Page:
This analysis includes unsubstantiated assertions. To that extent, it is intended only to be indicative of lines of argument. A literature search or even original research may be needed to discover support for some assertions. Some statistical data have been assembled and are provided in separate files.


  • Classical music is the greatest musical accomplishment of the West, in terms of range and depth of emotional expression and variety and complexity of musical language. (Some will regard this as an arrogant or elitist statement. It is intended simply as factual. It is acknowledged that many may not accept that it is factual or would respond that to say it is factual is arrogant. It is acknowledged also that many people get greater satisfaction from other musical genres than they do from classical music. Musical preferences are the result of one’s life story. See further comment in the Weaknesses section.)
  • It has been accepted as such even by many who do not get personal reward from it. These include governments.
  • As with great art in other forms, the best classical music works reward concentrated and persistent attention. The more you listen to them, the more you hear, and the greater your satisfaction.
  • The Federal government recently substantially increased funding to orchestras, against the recommendations of a commissioned report. This indicates a level of continuing commitment. (It is said that the then PM was persuaded that every capital city worth its name must have a good symphony orchestra. While this is not perhaps the best motivation to maintain orchestras, it has served a purpose.)
  • In Australia, the present quality and quantity of classical performance overall probably exceeds any before.
  • According to 2006 census figures, the Australian audience for classical music excluding opera has grown robustly from 1995 to 2006. The participation rate – percentage of population attending live performances – grew 22% from 7.7% to 9.4%; the actual numbers grew 40% from 1,081,000 to 1,508,000. (There are weaknesses in the situation for classical music, described in the next section.) By contrast, the participation rate for live popular music events dropped 9%, although actual numbers climbed 6%. The orchestral sector is unusually buoyant with standards, management and audiences lifting.
  • Overall, the amount, diversity and quality of Australian classical composition probably exceed that in any previous period.
  • By and large, the management of Australian classical music organisations is probably at its highest level of competence so far.
  • By international standards, the quality of Australian youth orchestras is very high and they are a fine conduit for aspirants to a professional career in classical music.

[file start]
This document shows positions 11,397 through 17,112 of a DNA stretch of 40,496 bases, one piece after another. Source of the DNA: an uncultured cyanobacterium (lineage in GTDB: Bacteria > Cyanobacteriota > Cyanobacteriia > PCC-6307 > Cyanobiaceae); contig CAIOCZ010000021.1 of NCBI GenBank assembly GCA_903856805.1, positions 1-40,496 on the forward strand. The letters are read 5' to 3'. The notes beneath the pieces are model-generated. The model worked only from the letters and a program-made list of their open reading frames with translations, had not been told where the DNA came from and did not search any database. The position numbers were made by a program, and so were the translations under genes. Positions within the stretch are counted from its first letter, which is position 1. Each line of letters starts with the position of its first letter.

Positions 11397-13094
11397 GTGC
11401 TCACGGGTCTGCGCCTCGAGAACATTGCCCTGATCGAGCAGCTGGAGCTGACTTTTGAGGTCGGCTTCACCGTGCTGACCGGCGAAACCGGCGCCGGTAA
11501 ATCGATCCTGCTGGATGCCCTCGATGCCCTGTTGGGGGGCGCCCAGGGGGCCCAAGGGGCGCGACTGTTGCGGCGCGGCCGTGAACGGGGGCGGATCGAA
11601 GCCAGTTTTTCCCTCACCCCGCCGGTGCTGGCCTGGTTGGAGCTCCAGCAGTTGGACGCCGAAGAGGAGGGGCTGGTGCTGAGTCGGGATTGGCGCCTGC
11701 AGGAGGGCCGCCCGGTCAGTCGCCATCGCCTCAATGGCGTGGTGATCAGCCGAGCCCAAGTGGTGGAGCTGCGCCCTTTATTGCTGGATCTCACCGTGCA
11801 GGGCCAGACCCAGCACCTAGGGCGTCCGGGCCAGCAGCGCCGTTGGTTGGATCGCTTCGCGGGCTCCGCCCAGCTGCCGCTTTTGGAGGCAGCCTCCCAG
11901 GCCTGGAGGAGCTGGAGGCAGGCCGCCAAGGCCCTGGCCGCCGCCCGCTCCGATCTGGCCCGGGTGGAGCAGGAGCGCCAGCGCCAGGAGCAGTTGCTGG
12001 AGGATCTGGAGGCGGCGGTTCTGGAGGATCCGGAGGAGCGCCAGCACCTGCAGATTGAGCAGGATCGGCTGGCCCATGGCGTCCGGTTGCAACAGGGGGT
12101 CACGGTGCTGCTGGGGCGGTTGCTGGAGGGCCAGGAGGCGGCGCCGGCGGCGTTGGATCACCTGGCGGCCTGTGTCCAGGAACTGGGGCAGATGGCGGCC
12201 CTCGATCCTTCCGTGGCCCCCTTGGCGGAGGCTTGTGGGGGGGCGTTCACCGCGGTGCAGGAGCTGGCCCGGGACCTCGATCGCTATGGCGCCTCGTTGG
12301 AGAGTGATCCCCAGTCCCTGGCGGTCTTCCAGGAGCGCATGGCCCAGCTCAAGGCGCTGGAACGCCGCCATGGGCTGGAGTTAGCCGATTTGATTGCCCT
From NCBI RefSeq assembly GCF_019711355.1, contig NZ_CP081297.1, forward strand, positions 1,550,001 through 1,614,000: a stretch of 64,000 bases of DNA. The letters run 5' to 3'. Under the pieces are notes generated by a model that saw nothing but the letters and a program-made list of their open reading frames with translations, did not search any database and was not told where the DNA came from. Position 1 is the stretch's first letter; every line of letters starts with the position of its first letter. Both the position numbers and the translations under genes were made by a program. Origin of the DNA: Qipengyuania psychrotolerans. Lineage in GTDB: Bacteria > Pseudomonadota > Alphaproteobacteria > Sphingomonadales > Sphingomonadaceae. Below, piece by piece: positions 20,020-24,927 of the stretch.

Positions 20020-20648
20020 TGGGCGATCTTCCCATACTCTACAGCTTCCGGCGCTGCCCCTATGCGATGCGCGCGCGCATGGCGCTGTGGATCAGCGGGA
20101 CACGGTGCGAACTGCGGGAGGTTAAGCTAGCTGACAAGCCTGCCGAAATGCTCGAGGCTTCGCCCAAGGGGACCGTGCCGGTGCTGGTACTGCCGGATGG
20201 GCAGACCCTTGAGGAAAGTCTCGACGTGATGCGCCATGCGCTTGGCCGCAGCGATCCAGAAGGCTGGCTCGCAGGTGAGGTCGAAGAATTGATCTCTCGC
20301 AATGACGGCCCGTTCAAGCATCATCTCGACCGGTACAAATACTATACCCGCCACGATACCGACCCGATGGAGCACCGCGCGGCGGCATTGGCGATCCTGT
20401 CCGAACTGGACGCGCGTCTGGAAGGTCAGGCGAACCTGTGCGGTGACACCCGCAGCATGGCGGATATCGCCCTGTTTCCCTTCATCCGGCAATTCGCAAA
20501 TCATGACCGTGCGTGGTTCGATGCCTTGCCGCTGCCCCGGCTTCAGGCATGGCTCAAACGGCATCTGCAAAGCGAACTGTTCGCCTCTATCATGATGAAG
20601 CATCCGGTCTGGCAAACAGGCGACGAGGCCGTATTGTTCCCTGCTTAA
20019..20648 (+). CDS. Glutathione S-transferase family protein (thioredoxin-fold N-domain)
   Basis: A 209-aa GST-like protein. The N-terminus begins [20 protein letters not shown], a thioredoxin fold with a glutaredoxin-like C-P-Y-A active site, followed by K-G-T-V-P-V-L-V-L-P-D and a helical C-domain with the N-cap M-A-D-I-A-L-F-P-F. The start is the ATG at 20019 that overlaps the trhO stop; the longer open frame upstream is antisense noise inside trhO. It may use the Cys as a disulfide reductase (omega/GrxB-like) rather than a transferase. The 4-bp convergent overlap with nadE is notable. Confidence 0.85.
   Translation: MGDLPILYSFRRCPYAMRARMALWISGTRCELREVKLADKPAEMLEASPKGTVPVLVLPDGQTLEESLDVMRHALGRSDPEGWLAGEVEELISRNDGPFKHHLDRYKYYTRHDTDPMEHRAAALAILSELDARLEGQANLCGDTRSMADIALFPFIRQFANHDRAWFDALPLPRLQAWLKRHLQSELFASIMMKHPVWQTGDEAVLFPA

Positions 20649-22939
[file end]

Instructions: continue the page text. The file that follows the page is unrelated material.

• Internationally, Australian classical music performers rank fairly well; standards overall may or may not be competitive at the world peak level. The Vienna Phil is still a better orchestra than the MSO or SSO. Probably our achievements or the recognition of our achievements are constrained mainly by our geographical position, and modest subsidies by European standards or sponsorships by US standards.
  • Trends in the situation of classical music internationally are mixed but there is strength in Asia. For example, in October in Shanghai at the Music China conference, a Chinese official stated that there are 34 million children in China learning piano. The basis for this statistic is unknown. The Chief Conductor of the Beijing Symphony said in conversation that in Beijing, 1 million children learn piano and 1 million learn violin. We might expect increasing sophistication and accomplishment in China as we have seen in Japan and South Korea.
  • Data collected by MCA from a number of European countries show a mixed picture. Attendances at classical concerts fell in a majority of countries but opera attendances increased in a majority of countries.
  • The community-based program in Venezuela to teach young children including poor children to perform on classical instruments and to form orchestras has been extraordinarily successful and has been adopted in a number of other South American countries. It is an exemplar of what can be done and it demonstrates that music education in classical music can be successful with children whose family background and personal interests would not normally have led them to classical music.


  • Live classical music depends on large scale educational and performing structures that can survive only with major subsidies.
  • Subsidy-dependent orchestras and opera companies provide the critical mass of audiences and activities that stake classical music’s position in the cultural life of the country, and make performing careers in classical music possible. The rock industry is viable on the basis of small performing groups that attract large audiences but in classical music, small performing groups do not have that appeal.